While working on the next release of PixelMaestro, I came across a significant problem: I had a system in place for storing configurations as byte arrays, and I had a system in place for reading in and executing these arrays. This was perfectly fine on a computer, since I could save these arrays to a file. But on an Arduino (where files aren’t a thing), where and how was I supposed to store a series of bytes that would persist across reboots? Enter EEPROM.
In an earlier post, I explored the idea of productivity gamification and how it can help increase your motivation. I’ve been testing this over the past few weeks by using an Android app called LifeRPG to track my habits, tasks, and important milestones I wanted to reach. In this post, I’ll go into detail about my LifeRPG setup and how it’s helped me stay focused in my everyday life.
In my never-ending (and often misguided) quest to bridge the world of writing and programming, I decided to take a crucial tool from the software world and use it to manage my documents. The result: a powerful (if convoluted) system for drafting and revising documents.
Far below the Web we all know and love, behind the friendly faces of our favorite websites there lies a lurking giant. Many of us know the Web by it’s biggest names – Facebook, Twitter, Google, etc. But what many of us don’t know is that there’s another component to the Web, one that willingly places itself away from the public consciousness. It’s given rise to a platform where people around the world can speak freely without fear of retribution, but it’s also given rise to a platform where people can engage in incredible atrocities outside of the public eye. This mysterious hidden network is known as the Dark Web.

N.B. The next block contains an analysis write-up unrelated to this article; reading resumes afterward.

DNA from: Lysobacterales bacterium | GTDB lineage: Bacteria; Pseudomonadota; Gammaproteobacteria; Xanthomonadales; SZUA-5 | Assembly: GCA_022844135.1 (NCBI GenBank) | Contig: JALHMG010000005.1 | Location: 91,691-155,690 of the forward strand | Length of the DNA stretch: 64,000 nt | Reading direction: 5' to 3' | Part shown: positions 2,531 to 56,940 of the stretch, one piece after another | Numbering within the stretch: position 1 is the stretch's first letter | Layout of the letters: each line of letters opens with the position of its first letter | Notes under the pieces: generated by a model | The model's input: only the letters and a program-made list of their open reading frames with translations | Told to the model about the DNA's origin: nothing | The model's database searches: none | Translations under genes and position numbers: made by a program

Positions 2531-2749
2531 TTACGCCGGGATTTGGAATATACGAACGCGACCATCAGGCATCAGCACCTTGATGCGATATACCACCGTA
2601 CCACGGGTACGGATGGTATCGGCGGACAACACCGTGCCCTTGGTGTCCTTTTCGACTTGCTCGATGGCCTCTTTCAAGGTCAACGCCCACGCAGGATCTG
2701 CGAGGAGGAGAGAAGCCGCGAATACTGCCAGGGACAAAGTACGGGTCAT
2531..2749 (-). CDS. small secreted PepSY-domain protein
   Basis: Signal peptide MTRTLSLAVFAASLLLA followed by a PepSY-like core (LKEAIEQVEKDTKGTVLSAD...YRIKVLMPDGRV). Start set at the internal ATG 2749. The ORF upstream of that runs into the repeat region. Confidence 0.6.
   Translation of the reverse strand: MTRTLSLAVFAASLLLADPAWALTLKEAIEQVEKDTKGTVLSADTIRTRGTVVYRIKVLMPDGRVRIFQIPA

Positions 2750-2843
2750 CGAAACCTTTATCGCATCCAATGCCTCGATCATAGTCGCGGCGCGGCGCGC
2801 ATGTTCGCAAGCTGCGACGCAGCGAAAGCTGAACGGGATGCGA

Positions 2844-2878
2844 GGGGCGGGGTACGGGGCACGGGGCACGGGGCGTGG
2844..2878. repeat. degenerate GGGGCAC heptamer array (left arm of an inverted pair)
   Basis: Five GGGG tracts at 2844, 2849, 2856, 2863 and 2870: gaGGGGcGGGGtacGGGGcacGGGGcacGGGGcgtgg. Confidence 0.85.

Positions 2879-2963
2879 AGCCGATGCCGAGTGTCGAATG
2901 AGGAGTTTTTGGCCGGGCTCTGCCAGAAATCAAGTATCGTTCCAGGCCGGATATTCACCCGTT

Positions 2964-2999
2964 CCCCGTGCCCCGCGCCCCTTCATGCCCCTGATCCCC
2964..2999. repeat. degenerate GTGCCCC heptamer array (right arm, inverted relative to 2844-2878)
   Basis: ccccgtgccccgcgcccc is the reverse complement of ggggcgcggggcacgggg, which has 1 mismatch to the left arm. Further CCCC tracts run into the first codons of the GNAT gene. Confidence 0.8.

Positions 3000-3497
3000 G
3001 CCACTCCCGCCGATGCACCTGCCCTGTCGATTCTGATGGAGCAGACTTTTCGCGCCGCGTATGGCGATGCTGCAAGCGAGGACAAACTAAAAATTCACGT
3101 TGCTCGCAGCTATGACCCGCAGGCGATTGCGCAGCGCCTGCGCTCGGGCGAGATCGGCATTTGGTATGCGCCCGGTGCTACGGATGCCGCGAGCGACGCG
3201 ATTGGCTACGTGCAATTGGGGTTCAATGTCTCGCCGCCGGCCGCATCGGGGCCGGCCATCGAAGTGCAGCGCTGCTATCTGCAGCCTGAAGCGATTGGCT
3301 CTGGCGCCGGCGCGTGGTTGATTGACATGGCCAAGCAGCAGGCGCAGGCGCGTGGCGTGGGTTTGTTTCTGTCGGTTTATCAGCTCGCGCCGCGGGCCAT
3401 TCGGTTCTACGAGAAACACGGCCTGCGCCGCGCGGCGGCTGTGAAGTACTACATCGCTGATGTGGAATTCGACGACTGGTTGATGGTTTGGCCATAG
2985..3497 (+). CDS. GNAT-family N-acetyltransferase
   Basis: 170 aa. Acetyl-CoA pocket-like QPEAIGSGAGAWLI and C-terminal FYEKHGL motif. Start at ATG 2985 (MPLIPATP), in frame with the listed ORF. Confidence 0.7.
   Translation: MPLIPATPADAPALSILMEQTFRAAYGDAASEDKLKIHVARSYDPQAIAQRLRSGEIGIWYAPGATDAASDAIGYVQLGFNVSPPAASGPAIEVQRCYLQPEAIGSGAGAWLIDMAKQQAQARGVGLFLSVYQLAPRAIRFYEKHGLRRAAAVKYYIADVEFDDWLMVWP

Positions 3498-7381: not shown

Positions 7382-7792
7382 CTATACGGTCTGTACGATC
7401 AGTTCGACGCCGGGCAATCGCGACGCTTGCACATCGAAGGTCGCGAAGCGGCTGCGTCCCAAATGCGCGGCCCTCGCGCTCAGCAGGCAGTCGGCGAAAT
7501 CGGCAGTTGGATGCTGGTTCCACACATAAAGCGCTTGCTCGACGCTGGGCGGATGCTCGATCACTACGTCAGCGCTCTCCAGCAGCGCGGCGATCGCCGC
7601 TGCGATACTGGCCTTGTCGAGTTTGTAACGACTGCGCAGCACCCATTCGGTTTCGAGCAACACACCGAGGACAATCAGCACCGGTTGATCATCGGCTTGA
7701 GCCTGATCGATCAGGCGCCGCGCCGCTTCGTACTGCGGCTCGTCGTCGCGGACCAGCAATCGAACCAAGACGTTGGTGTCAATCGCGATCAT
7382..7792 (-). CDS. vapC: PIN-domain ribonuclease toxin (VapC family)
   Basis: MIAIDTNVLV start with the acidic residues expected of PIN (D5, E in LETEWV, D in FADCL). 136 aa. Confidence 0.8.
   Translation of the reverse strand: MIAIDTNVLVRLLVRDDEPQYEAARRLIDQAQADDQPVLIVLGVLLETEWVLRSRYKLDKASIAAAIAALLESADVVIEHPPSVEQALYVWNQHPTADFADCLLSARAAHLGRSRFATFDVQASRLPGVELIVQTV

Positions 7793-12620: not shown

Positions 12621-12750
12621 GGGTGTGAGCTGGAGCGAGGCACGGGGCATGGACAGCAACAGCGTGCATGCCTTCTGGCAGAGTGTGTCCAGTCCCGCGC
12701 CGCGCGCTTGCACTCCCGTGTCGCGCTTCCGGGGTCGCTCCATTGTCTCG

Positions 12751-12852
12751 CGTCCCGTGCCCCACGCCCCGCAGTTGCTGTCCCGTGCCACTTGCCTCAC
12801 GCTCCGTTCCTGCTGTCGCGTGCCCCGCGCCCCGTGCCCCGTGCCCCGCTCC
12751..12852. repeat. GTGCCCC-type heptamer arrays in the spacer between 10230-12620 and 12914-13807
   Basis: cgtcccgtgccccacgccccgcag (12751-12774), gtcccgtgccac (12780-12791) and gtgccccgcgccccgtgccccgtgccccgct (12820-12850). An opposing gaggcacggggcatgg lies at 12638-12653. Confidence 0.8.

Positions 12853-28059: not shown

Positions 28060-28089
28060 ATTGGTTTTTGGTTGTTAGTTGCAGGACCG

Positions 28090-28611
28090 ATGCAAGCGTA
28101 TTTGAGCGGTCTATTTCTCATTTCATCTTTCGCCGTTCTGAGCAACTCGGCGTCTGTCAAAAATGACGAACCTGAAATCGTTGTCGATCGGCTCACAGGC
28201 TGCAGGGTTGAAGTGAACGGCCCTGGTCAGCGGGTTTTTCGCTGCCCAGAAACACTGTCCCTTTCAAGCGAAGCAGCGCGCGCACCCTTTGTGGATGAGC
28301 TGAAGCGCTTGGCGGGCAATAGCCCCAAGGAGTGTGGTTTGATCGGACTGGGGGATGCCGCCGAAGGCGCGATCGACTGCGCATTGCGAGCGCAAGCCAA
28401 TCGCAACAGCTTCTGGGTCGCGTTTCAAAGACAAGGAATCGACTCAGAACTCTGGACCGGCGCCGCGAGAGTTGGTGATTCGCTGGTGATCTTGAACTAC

Backups are something most people never think about until it’s too late. Computers can be finicky, and if you value your digital data then you’ll want to have a backup solution in place. This post explores two aspects of backups: the various types of backups, and everyday tools for performing those backups.
Disclaimer: Parts of this guide include instructions that, if misused, could result in data loss. Never run a command without being 100% sure of the outcome!
Installing programs is something most people take for granted. How could it be easier – you simply download an installation file, run it, answer a few prompts, and before you know it you have a fresh new application ready to go. This is fine for a single-user system like a laptop or desktop, but what happens when you want to share that program with someone else, or migrate it – along with its configuration and settings – to a different computer? What if you wanted to do a clean reinstall without having to hunt for scattered or leftover files? Better yet, what if you could run the application in a completely self-contained environment without it affecting your main system? Docker provides a unique way of accomplishing this, and the technology behind it is quickly gaining traction. Continue reading “Contain Your Excitement: Building Portable Apps with Docker”
Congratulations, you’ve made it this far! You have a server powered by open-source software that you can access from anywhere in the world, safely and securely. Now that you have a solid foundation in Linux and networking, you can start playing with different applications and services. Our final post will look at some tips for making the most out of your new server.